When I read Bob Pusateri invite to this month’s T-SQL Tuesday, it brought me back to my college days where I actually studied Thermal Dynamics and what the Coefficent of Thermal Expansion was. I will admit that I didn’t have a clue (too many years gone by) and had to look it up.
So for you fellow nerds out there: Coefficient of Thermal Dynamics is the degree of expansion divided by the change in temperature in some sort of material. Wikipedia has a pretty good explanation on it. I did have a brief (real brief) thought about trying to determine what the coefficient of the hard drive might be while running a SQL CTE, but then I realized that I wouldn’t even know where to start with that. Plus, that would probably make this post a very long read, so I ditched that idea. Ah well, moving on!
An colleague of mine, Jamie, was working on a small project dealing with logging from the entity framework (I think). In a nutshell, there are 4 tables that log various types of data. For example, say that these tables are:
Jamie was looking for a clean way to select information from each respective table given certain criteria, such as a machine name and which logs he want to look at. The stored procedure would accept a parameter(s) and which logs they were looking for based on the numberic value that is assigned to said table. In other words, if they wanted the InformationLog and TraceLog the call would look like:
EXEC dbo.usp_FindMyLogs @machineName='RedOctober', @Logs='1,3'
Make sense? Both parameters would be a VARCHAR() data type and the @Logs parameter would be comma delimited.
Initially we started down the path of using various temporary tables to load all of the data, filter it out, and then aggregate everything together using various ‘IF’ statements. While this is certainly a viable solution, we both knew that there was probably a much cleaner solution to be found. So, we started to play around with the data and looking into using a CTE to help clean things up.
Here’s the CTE solution that we came up with:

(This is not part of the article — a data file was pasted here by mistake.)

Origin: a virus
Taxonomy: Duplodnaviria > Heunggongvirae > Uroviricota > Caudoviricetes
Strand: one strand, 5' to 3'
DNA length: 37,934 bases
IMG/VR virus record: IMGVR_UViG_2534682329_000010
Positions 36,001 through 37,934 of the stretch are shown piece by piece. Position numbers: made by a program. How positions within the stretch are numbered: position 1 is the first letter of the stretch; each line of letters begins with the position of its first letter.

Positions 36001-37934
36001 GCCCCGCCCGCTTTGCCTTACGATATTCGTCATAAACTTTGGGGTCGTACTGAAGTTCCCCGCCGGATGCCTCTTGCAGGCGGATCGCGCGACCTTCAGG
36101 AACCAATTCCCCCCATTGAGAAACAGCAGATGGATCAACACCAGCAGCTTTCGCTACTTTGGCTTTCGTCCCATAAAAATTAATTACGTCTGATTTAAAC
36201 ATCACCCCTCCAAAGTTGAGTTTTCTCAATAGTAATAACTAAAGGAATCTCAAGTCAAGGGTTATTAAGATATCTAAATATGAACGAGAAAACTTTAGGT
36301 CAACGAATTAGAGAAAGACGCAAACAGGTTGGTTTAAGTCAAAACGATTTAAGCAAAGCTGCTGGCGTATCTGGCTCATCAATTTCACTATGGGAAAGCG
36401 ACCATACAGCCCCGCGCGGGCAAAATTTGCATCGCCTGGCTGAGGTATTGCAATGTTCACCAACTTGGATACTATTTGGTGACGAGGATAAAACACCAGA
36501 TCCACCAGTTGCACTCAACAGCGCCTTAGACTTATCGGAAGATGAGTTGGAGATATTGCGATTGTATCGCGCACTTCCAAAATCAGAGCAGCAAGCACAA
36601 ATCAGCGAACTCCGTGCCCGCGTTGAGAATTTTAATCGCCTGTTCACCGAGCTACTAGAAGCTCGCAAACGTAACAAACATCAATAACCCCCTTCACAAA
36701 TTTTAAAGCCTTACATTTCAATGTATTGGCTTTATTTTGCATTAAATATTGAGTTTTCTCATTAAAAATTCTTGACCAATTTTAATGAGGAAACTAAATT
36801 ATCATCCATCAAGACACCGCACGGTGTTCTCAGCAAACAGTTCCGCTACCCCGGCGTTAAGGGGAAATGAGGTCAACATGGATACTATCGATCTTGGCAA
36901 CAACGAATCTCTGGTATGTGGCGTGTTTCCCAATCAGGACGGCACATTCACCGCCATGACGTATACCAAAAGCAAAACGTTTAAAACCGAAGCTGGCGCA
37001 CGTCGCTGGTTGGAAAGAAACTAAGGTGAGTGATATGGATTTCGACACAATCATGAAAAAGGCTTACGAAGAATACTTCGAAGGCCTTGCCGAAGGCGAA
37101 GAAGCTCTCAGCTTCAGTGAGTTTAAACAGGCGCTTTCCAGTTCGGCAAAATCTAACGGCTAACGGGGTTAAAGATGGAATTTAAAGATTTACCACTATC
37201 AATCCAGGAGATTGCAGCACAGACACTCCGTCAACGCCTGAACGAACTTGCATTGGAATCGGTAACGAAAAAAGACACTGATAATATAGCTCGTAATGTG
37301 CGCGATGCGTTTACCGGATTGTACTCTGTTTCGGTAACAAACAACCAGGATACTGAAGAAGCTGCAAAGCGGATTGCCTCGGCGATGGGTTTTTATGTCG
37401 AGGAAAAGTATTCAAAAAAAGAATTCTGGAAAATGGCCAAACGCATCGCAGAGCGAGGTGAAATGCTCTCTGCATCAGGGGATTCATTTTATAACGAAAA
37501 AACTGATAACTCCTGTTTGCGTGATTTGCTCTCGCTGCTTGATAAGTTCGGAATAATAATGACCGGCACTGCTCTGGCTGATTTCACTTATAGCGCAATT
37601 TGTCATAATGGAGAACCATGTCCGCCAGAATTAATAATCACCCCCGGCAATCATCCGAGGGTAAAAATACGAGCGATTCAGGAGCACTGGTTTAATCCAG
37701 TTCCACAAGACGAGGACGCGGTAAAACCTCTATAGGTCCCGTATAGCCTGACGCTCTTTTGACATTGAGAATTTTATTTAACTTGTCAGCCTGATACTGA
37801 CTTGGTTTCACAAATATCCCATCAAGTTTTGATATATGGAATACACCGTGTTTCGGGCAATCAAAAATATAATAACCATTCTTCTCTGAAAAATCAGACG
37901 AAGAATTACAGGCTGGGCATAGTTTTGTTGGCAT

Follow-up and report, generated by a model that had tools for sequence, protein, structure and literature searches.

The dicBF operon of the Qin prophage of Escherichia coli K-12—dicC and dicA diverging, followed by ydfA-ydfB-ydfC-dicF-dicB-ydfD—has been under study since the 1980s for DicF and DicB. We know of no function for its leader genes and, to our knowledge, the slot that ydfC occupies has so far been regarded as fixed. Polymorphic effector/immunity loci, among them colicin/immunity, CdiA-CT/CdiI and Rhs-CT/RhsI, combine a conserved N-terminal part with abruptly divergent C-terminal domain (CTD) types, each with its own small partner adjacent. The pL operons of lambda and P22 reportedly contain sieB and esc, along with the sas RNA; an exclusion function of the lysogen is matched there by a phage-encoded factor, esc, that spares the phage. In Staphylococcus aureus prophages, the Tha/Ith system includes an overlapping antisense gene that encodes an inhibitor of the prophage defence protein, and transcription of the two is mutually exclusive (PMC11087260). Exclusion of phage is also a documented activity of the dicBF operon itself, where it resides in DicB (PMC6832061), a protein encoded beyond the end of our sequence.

DECLARE @myTable TABLE (id INT, [name] VARCHAR(20)) INSERT INTO @myTable (id, [Name]) SELECT 1,'Information' UNION SELECT 2,'Exception' UNION SELECT 3,'Warning' UNION SELECT 4,'Trace' -- used just for this example. DECLARE @LogId VARCHAR(25) = '1,2,4' DECLARE @machineName VARCHAR(10) ;WITH myCTE (ID, [Message]) AS (SELECT 'Information',[Message] FROM dbo.InformationLog WHERE machineName = @machineName union SELECT 'Exception',[Message] FROM dbo.ExceptionLog WHERE machineName = @machineName union SELECT 'Trace',[Message] FROM dbo.TraceLog WHERE machineName = @machineName union SELECT 'Warning',[Message] FROM dbo.WarningLog WHERE machineName = @machineName ) SELECT cte.ID, cte.[Message] FROM myCTE cte INNER JOIN @myTable mt ON cte.ID = mt.name INNER JOIN dbo.ufn_split(@logId,',') ufn ON mt.id = ufn.Value_Tx GO
Now, you’ll notice that we create the table variable every time this is called, thus I’ve recommended that given the data doesn’t change, it would make sense to make a small physical table so that we don’t have the over head of this creation every time.
Also, there is a pre-built split function that we use internally to split out delimited values. The Value_TX column from the function would contain the table names, effectively changing them from literal names to their associated numeric values. This INNER JOIN allows Jamie to only select data from the tables which he specifies, even though the CTE contains data from ALL of the tables. Yes, we know that having this extra data in the CTE is overhead, but it’s fairly minimal and shouldn’t cause that much extra effort. I smell a follow up blog post coming in looking at the execution plan for this solution.
All in all, I think that this CTE is a clean way to narrow down the results that we have to play with without using a bunch of logical ‘IF’ statements. I know that this isn’t anything special, but it was a solution in which we were able to utilize the awesome power of CTE’s and provide a nice clean solution that fitted the need.
Be gentle. It’s my first T-SQL Tuesday post. 😉